I completely believe that the arts and art education plays a huge part in childhood development. I’m honored to have this guest post from We The Parents to share with you!
Arts Education: A lot More Than Paintings on Our Fridges
Diplomacy is a skill that parents learn early. Like when your kiddo arrives home from school beaming, and eagerly thrusts a colorful piece of paper at you. Now you’ve got a split second to figure out what on earth it is.
Think fast… it’s definitely art… it’s got a Picasso feel (ears, eyes, and mouth not where you’d expect)… some sort of… animal.. maybe…
“What a gorgeous… giraffe?”
No. Oh, yes, an elephant. Of course. Now I see it!
“I love this elephant. It’s going straight up on the fridge.”
Of course, we adore our children’s artwork, but it’s the pride on their little faces when we hang it up that is truly priceless.
On top of this, the value of learning arts at school goes beyond the artistic skills they develop. Being immersed in the arts develops their cognitive abilities and fosters positive character traits, like self-confidence, openness, and empathy.
Shockingly, however, arts in schools are being chopped left, right, and center. With budgets being squeezed, it’s Arts Programs that is often the first to go. This is a serious matter. And if you’re not convinced, then take a look at these 51 ways that Arts Education benefits our children.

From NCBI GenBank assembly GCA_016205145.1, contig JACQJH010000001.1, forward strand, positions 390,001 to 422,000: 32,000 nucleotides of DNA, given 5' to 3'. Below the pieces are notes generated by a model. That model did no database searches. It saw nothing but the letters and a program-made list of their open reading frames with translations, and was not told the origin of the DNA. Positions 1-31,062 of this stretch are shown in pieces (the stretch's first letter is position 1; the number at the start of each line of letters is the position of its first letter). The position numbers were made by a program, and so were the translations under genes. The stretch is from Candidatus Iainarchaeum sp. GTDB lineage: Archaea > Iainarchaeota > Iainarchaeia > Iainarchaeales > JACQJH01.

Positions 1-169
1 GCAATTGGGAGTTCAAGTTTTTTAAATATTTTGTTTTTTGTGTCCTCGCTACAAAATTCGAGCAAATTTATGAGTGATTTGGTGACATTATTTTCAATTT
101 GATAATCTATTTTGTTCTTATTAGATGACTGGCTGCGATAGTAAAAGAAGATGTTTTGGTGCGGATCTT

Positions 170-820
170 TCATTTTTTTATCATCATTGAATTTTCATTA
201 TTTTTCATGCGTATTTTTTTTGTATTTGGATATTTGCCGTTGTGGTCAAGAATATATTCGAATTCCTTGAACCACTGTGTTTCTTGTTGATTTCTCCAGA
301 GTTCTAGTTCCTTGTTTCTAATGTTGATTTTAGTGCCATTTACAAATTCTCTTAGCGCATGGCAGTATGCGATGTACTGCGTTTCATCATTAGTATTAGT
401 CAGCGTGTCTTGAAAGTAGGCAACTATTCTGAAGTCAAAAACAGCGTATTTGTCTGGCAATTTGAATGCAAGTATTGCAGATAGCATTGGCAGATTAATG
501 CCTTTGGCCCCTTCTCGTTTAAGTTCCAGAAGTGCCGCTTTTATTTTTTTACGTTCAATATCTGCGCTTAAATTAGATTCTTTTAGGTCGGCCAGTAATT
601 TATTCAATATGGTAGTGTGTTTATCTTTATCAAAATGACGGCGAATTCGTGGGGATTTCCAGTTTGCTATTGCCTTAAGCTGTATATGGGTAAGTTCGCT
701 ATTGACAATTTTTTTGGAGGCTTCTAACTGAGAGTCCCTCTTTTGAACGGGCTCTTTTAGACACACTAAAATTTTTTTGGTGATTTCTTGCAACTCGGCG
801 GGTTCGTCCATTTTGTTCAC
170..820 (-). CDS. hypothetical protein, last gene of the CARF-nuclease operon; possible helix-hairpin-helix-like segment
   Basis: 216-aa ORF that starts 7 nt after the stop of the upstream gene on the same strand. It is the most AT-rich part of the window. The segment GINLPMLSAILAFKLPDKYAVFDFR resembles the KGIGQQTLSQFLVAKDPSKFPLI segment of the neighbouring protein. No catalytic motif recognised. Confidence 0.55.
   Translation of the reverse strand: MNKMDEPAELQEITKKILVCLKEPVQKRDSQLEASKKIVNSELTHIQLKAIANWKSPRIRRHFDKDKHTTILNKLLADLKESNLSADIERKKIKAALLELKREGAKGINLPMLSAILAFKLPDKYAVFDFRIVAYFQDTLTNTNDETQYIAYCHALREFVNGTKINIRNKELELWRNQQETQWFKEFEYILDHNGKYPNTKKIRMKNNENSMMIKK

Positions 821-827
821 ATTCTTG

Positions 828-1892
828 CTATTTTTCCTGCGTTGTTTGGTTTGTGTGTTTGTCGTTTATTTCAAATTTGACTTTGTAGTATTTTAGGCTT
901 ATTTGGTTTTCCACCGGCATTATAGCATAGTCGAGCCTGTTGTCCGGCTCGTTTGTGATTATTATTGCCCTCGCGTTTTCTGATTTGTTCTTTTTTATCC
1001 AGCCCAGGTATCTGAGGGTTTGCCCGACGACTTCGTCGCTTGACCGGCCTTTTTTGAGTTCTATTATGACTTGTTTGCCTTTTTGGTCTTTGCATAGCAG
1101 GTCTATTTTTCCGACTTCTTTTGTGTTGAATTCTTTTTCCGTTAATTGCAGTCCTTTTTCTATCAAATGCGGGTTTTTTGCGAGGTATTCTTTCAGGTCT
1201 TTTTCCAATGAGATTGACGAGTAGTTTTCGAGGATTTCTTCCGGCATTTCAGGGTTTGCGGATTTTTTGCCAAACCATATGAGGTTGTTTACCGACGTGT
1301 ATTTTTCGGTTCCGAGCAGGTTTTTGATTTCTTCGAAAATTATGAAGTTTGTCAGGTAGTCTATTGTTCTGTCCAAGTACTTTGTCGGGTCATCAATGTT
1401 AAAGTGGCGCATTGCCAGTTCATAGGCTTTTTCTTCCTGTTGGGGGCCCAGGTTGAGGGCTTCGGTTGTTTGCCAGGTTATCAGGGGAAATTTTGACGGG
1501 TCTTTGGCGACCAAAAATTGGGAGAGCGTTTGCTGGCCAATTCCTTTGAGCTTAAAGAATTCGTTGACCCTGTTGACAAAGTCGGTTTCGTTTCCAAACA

Arts have the power to positively transform the lives of our kids. That’s why we should all join together in support of this week’s National Arts in Education Week (learn more about it here).
Our children should have the right to a diverse and culturally rich education; one that attends to their minds, body, and wellbeing. We rob them of this opportunity if we drop Arts Programs from schools.
Let’s unite around National Arts in Education Week. I think we can all now agree that the arts have earned their spot in our schools just as your kid’s Giraphalant creation has earned a spot on your fridge.
Neve is a music teacher, kid wrangler, and writer. She blogs at WeTheParents with husband, Keane. There, she gets serious penning parental advice, while he messes about reviewing kids toys. Ah, the imbalance!